A ‘Hutu Power’ movement emerged throughout the late 1980s and early 1990s in the years before the outbreak of the genocide. This movement was centered on removing Tutsi people from the country and positions of power and claiming the country for Hutus. An important group from this movement was the Interahamwe which was a radical Hutu youth group. The Interahamwe would go on the play an active role in the massacres and overall genocide against the Tutsi. This Hutu movement laid the foundation for the outbreak of the genocide in 1994.
In general, historians view the assassination of the Rwanda President in 1994 as the first major event and spark of the Rwandan Genocide. Juvénal Habyarimana served as President of Rwanda from 1973 until his assassination on April 6th, 1994. Habyarimana was a Hutu but in the months before his assassination his government had been negotiating an end to tensions with the Rwandan Patriotic Front (RPF). The RPF was a political party and paramilitary group dominated by Tutsi refugees who had fled Rwanda in the years before during increased tensions. Led by Paul Kagame the RPF were hated by the more extremist elements of the Hutu movement in Rwanda. As such, some Hutus in Rwanda were angry with President Habyarimana for negotiating a cease-fire with the RPF. On April 6th, 1994, the plane that Habyarimana was flying in was shot down as it landed at the airport in Kigali, the Rwandan capital. While there was some dispute about who shot down the plane, it is now generally viewed as being carried out by Hutu extremists who were angry with the president.
A United Nations force had been sent to Rwanda in October of 1993 during the crisis of the civil war that had been erupting at that point. Officially called the United Nations Assistance Mission for Rwanda (UNAMIR) it was established in hopes of preventing the crisis from escalating into a larger conflict. Canadian Romeo Dallaire was put in charge of the mission and tasked with carrying out a peacekeeping mission in Rwanda to aid in establishing peace between the Hutu and Tutsi.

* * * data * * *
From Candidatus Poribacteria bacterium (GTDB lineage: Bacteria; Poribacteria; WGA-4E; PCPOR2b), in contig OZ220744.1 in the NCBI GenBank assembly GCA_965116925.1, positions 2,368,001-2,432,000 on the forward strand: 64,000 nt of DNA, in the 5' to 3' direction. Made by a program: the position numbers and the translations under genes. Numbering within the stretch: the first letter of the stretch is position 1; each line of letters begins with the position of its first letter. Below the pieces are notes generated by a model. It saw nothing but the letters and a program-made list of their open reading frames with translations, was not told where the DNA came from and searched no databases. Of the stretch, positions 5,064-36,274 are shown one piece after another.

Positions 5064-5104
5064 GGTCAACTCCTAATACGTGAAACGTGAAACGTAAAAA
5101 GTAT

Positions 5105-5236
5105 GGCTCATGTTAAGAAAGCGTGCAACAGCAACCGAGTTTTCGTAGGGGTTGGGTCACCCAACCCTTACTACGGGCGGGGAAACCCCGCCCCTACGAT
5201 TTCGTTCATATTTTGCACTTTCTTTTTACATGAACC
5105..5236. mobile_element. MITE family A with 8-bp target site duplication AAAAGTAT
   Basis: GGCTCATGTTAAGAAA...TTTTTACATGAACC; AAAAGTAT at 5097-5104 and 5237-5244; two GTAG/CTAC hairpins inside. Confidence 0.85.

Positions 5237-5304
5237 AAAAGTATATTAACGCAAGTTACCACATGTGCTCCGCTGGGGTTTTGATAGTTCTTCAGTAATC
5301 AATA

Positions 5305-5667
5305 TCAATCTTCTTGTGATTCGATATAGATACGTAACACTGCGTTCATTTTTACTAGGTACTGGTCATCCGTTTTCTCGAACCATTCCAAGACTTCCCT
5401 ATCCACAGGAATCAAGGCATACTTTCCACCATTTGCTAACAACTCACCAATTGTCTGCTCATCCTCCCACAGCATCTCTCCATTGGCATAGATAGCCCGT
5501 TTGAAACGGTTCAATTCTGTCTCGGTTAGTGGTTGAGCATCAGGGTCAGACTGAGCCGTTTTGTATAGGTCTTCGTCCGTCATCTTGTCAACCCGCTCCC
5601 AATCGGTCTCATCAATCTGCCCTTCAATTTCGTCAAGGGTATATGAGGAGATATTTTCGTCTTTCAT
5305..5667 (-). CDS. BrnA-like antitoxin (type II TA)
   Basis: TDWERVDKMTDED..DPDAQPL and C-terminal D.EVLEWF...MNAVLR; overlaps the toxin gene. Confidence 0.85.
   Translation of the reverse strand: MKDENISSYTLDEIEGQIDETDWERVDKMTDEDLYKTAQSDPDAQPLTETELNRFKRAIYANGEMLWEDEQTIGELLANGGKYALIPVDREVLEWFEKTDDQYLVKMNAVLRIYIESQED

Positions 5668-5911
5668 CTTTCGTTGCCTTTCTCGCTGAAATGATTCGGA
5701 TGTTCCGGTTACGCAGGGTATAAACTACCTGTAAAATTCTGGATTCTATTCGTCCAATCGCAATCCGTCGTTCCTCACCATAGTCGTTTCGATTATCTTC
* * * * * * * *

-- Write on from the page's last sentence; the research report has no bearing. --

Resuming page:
Soon after the assassination of Rwandan President Habyarimana, UNAMIR sent 10 Belgian peacekeepers to protect the Rwanda Prime Minister Agathe Uwilingiyimana. The United Nations had hoped she would become the interim leader of Rwanda in hopes of bringing an end to the crisis. However, the Belgian peacekeepers soon became overwhelmed by a large crowd of Hutu supporters and were forced to surrender. As a result, Uwilingiyimana was assassinated and the Belgian soldiers were tortured and executed. Over the next two days (April 6th and 7th) Hutu extremists systematically killed many prominent figures in Rwanda including politicians and journalists. The genocide had begun.
Almost immediately after the assassination of Habyarimana, Hutu extremist leaders ordered the beginning of the attack against ethnic Tutsis. They blamed the assassination of the president on the RPF and the Tutsi. For example, Interahamwe members in Kigali were told to begin the slaughter against Tutsi men, women and children. In response, Hutu members of the military and the Interahamwe created roadblocks throughout Kigali. They forced people wishing to pass through the roadblocks to show their identification that proved whether they were Hutu or Tutsi. Any Tutsis captured at the roadblocks were killed immediately. At the same time, the Hutu extremists also carried out raids throughout the city in which they forced their way into people’s homes. Tutsis were also killed at this time and their possessions stolen. Ordinary citizens also participated in the killing, as hatred and mistrust of the Tutsi was a longstanding belief by some Hutu. While people died of many different types of causes, the most well-known and prominent was by use of machete. Another key feature of the Rwanda Genocide was the use of rape against Tutsi women. HIV rates in the country increased dramatically due to the high levels of rape and assault that occurred.
One of the more brutal examples of killing during the Rwanda Genocide was the events on April 12th when more than 1,500 Tutsis were slaughtered while seeking refuge in a Catholic church. The Interahamwe and other Hutu extremists used a bulldozer to destroy the building and killed any of the people who tried to escape with rifle, grenades and machetes.